Conducting Web Searches

 

 

Choosing Search Terms

Whether you are searching the Web or searching a library database, there are some common search strategies you can use to improve your search results.

 

The first is choosing appropriate search terms or keywords. Begin by thinking about the words and phrases that describe your topic. For instance, if you are researching Privacy Rights, your keywords might include:

Now think about whether there are other terms that could also be used to describe your topic, including synonyms, related terms, or words and phrases that have similar meaning, such as:

Note that you don't have to capitalize proper nouns. Searching for "The Patriot Act" or "the patriot act" will get you the same results.

 

Boolean Searching

Boolean searching allows you to join concepts for more efficient searching. Use Boolean Operators to connect your terms:

 

Some search engines assume the use of Boolean operators within your keyword or phrase searches. The most common of this being Google, which assumes the use of "AND" between words and phrases. The use of the Google advanced search allows you to employ other Boolean operator terms and combinations.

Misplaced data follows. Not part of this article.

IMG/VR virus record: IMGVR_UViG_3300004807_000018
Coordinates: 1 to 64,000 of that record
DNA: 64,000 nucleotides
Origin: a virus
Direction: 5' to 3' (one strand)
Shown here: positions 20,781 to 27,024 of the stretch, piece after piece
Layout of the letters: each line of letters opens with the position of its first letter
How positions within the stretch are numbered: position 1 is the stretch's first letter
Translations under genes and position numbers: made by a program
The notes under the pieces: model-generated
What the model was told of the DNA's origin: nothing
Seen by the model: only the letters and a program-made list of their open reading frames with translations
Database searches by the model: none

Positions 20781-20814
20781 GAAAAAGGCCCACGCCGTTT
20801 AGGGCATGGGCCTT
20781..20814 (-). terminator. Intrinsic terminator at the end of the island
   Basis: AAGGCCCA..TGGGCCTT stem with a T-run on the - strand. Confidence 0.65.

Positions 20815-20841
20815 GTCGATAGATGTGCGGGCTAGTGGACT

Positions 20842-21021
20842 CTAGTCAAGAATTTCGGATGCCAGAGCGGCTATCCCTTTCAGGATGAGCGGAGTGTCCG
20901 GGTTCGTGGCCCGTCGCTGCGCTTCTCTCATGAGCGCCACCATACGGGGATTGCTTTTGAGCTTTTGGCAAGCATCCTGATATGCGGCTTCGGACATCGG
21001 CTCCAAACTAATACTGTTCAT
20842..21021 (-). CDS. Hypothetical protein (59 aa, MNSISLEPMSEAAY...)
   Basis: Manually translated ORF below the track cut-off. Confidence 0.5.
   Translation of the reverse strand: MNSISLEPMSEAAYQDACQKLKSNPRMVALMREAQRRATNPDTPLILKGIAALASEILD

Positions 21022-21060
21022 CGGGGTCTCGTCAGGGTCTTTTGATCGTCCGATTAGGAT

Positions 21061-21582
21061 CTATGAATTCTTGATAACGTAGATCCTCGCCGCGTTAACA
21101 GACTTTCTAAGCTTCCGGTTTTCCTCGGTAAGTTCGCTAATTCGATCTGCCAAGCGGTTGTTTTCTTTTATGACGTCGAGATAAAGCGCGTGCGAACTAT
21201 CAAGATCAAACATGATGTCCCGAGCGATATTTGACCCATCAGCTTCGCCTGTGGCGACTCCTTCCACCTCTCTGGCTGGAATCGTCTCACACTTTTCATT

Toggle open/close quiz question

Value: 1
Match the items.
The task is to match the lettered items with the correct numbered items. Appearing below is a list of lettered items. Following that is a list of numbered items. Each numbered item is followed by a drop-down. Select the letter in the drop down that best matches the numbered item with the lettered alternatives.
a. internet OR web
b. internet NOT www
c. privacy AND internet
 

 

Truncation or "Wild Card" Symbols

Use the Truncation symbol to search for words with a common root and different endings, for example: "photograph*" will retrieve photography, photographer, and photographs. Different databases use different truncation symbols, including *, ? and $. This is a great trick that saves lots of searching time when used skillfully.

 


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